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Come out of the wagon, Trojan maids, and take my hand, that I may step down from the chariot. [1000] The homes of the gods are adorned with Phrygian spoils, but I have obtained these women, choice objects from the land of Troy, in return for the daughter whom I lost, a slight reward but an ornament to my house.

And, mother—for I live as a slave [1005] in this miserable house, cast out from my father's home—may I not take that blessed hand of yours?

These slaves are here; take no trouble on my account.

What? You sent me away from home, a captive; I was taken when my home was taken, like these, [1010] all of us orphaned of a father.


Well, your father laid such plots against those whom least of all he should have, his own family. I will tell you; although when a woman gets an evil reputation, her tongue is bitter. [1015] In my opinion, not rightly; but it is correct for those who learn about the matter to hate, if it deserves hatred; if not, why hate at all? Now Tyndareus gave me to your father not so that I or any children I might bear should die. [1020] But that man went from the house, taking my child, with the persuasion of a marriage with Achilles, to Aulis which held the fleet; and there he stretched Iphigenia over the pyre, and cut her white cheek. And if, as a cure for the capture of the city, [1025] or as a benefit to his house, or to save his other children, he had killed one on behalf of many, I would have pardoned him. But, because Helen was lustful and the one who had her as a wife did not know how to punish the betrayer—for these reasons he destroyed my child. [1030] Well, although I was wronged, I would not have been angry at this, nor would I have killed my husband. But he came back to me with a girl, raving and possessed, and put her in his bed, and had two brides at once in the same house.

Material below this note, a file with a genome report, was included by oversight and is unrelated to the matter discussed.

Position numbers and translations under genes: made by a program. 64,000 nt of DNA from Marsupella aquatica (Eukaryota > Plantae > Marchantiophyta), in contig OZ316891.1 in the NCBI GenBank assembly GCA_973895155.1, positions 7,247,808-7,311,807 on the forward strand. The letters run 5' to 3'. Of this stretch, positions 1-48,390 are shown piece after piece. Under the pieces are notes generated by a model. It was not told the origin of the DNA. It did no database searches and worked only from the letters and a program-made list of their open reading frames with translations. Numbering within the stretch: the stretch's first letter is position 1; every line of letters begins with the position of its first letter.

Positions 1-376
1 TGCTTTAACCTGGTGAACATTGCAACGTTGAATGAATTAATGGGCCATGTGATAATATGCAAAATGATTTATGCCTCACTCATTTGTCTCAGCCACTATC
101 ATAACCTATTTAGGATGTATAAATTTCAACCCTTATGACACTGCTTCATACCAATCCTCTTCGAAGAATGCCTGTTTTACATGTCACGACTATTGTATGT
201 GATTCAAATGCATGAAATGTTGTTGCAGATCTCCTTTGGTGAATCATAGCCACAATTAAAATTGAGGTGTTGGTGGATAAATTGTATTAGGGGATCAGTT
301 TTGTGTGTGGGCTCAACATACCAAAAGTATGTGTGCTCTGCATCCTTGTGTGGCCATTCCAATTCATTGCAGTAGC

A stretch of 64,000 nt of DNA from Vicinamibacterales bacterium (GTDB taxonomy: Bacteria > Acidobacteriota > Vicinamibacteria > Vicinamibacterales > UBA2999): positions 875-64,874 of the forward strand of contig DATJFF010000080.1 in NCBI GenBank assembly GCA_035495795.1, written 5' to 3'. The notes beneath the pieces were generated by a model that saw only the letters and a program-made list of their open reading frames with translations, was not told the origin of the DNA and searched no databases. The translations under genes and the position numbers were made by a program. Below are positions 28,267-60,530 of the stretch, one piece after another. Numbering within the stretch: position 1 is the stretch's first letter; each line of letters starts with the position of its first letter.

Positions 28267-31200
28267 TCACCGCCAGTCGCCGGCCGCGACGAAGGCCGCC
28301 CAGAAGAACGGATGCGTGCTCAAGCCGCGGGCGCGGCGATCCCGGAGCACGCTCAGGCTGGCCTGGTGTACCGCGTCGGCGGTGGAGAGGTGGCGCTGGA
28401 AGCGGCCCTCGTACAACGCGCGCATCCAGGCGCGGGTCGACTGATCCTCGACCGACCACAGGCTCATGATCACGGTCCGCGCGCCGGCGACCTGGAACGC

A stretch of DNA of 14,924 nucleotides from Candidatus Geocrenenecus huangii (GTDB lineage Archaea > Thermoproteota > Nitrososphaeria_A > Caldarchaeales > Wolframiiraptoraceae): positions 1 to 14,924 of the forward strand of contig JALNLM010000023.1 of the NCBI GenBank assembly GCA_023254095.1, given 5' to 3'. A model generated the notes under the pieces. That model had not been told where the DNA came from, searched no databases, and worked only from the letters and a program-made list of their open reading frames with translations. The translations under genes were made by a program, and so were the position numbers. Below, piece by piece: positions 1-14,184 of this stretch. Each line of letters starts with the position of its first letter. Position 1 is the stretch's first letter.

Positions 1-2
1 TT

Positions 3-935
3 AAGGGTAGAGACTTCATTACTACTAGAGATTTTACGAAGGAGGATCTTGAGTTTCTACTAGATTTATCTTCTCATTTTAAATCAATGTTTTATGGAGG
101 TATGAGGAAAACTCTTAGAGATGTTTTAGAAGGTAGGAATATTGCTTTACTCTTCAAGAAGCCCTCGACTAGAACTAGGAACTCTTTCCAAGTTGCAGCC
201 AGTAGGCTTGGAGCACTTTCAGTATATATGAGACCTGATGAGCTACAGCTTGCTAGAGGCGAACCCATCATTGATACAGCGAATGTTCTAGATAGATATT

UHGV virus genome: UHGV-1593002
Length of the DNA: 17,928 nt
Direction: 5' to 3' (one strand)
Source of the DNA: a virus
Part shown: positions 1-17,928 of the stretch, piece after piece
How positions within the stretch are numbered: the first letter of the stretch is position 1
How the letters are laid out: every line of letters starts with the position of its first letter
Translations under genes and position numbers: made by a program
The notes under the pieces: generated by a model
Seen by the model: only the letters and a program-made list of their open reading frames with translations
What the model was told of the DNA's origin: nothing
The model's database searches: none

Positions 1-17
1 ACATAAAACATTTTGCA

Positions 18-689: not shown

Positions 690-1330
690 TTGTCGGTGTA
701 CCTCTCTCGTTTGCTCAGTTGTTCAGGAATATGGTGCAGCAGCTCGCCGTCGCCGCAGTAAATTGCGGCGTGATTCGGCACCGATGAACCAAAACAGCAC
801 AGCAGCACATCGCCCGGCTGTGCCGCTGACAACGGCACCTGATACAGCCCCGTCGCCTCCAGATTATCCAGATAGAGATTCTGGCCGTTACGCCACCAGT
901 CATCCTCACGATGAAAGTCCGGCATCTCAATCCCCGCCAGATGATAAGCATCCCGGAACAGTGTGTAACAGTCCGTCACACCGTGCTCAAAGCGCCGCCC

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hide References (2 total)
  • Commentary references to this page (2):
    • Sir Richard C. Jebb, Commentary on Sophocles: Ajax, 1118
    • Sir Richard C. Jebb, Commentary on Sophocles: Ajax, 221-232
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